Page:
The beauty of the ballet has been re-kindled this year with the release of the film The Black Swan. Starring Natalie Portman and Mila Kunis, as prima ballerinas, The Black Swan is a dark and dangerously sensual look into the world and art of ballet.
To prepare for her role in the film Natalie Portman trained as a ballerina with Mary Helen Bowers for six months 5/8 hours a day about 6 days a week to create, shape, and tone her body into that of a ballerina. This was not a role that could be faked, although she did have a body double for some of the most difficult dance scenes, Natalie Portman needed to not only act but look like an actual ballet dancer throughout the film.
Being a fashion designer myself, I tend to be attracted or intrigued when a film utilizes the aesthetic of a specific fashion designer for all of or part of the costumes of a film. To dramatize the performance of Swan Lake, in The Black Swan, the costume designer, Amy Wescott, played on Rodarte’s dark sided aesthetic and haute couture techniques. Portman (and her body double) actually wear a Rodarte designed costume made of feathers, tulle, and 247,000 crystals donated by Swarovski. Not only was this film physically taxing for the actors but the delicate costumes themselves went through many different repairs as a result of filming.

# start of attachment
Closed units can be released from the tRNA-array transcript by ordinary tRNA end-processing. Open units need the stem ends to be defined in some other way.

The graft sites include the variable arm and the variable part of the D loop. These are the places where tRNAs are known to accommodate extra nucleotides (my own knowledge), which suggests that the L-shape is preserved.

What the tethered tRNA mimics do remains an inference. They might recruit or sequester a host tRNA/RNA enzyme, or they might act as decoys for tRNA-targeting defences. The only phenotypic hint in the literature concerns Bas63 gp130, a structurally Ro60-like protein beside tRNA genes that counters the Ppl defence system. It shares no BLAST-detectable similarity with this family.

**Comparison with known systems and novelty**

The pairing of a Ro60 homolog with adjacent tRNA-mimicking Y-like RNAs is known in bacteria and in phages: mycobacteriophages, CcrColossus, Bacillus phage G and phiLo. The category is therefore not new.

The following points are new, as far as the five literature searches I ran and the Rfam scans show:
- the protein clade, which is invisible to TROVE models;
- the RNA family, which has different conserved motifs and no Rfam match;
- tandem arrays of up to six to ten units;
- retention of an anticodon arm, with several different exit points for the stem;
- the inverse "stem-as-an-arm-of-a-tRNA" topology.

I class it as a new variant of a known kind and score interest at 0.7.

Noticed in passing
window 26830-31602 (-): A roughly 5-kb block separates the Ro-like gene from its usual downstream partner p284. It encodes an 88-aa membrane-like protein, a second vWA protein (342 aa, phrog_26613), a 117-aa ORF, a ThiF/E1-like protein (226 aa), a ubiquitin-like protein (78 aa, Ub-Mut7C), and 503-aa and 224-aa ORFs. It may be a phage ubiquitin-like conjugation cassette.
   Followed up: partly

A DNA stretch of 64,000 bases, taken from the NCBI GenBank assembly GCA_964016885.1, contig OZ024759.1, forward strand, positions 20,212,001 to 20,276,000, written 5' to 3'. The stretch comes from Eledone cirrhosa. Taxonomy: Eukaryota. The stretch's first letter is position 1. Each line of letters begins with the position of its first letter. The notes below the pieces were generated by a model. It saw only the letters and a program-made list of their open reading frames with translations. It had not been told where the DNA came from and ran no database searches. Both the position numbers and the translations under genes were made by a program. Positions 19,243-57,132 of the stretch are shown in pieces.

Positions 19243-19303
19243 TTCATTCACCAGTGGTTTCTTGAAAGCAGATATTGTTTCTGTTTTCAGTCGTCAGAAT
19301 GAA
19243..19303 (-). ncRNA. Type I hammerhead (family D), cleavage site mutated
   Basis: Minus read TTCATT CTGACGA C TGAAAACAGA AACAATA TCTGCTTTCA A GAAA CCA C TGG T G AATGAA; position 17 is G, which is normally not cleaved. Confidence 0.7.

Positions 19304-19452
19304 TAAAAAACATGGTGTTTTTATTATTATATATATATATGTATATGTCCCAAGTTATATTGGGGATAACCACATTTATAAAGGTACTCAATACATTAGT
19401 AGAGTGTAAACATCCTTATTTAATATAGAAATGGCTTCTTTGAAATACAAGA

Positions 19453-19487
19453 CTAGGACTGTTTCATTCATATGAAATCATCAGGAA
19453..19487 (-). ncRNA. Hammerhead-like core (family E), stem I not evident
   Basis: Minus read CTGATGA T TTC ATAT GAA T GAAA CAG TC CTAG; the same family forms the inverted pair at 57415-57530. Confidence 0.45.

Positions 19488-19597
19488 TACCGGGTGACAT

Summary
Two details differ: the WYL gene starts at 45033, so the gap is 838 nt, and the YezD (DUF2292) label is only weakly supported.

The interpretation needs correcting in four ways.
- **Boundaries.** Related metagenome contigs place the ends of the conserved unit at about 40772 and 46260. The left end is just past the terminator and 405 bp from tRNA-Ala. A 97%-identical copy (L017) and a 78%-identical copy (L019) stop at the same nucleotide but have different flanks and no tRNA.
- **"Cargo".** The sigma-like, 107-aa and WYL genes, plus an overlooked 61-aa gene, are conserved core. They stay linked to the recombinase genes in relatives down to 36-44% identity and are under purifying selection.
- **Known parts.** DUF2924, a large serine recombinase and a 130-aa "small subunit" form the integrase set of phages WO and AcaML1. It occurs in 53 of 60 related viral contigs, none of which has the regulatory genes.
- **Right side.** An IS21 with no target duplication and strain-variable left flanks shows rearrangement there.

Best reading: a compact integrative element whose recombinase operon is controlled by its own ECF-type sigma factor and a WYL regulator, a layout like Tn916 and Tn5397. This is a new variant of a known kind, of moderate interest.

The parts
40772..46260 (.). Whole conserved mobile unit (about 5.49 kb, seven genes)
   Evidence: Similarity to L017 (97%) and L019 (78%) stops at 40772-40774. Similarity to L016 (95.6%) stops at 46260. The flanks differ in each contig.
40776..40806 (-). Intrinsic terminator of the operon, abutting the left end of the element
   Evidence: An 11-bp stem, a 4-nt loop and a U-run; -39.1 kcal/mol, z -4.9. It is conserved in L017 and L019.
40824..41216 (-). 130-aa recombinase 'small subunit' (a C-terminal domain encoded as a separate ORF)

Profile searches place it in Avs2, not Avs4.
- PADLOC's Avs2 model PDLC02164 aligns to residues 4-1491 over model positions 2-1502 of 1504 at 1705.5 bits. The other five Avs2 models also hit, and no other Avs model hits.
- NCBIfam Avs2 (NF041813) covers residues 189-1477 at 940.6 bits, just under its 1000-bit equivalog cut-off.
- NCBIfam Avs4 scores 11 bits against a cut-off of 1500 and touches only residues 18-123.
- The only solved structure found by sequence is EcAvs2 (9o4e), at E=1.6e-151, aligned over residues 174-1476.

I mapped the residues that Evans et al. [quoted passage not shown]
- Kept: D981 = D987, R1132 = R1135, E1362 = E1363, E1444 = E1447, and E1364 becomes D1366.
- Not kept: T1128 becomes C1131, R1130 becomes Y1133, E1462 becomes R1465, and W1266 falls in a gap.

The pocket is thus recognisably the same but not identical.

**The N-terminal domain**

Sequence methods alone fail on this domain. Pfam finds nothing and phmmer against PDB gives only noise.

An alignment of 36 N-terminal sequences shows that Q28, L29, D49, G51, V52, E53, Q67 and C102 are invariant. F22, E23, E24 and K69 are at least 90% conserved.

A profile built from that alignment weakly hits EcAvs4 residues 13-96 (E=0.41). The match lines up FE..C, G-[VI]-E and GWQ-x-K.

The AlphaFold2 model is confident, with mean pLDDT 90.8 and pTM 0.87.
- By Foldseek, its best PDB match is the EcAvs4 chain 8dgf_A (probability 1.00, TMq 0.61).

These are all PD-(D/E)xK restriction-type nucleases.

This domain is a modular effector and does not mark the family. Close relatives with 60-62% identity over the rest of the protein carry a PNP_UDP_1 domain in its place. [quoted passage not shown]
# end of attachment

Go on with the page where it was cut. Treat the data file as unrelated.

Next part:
Here are some of Kate Mulleavy’s dark and funky sketches for the costumes made for Swan Lake.
Below is finished version of the ravishing black feather Rodarte dress (above right sketch) on Portman during the film.
So, are you going to go see the movie?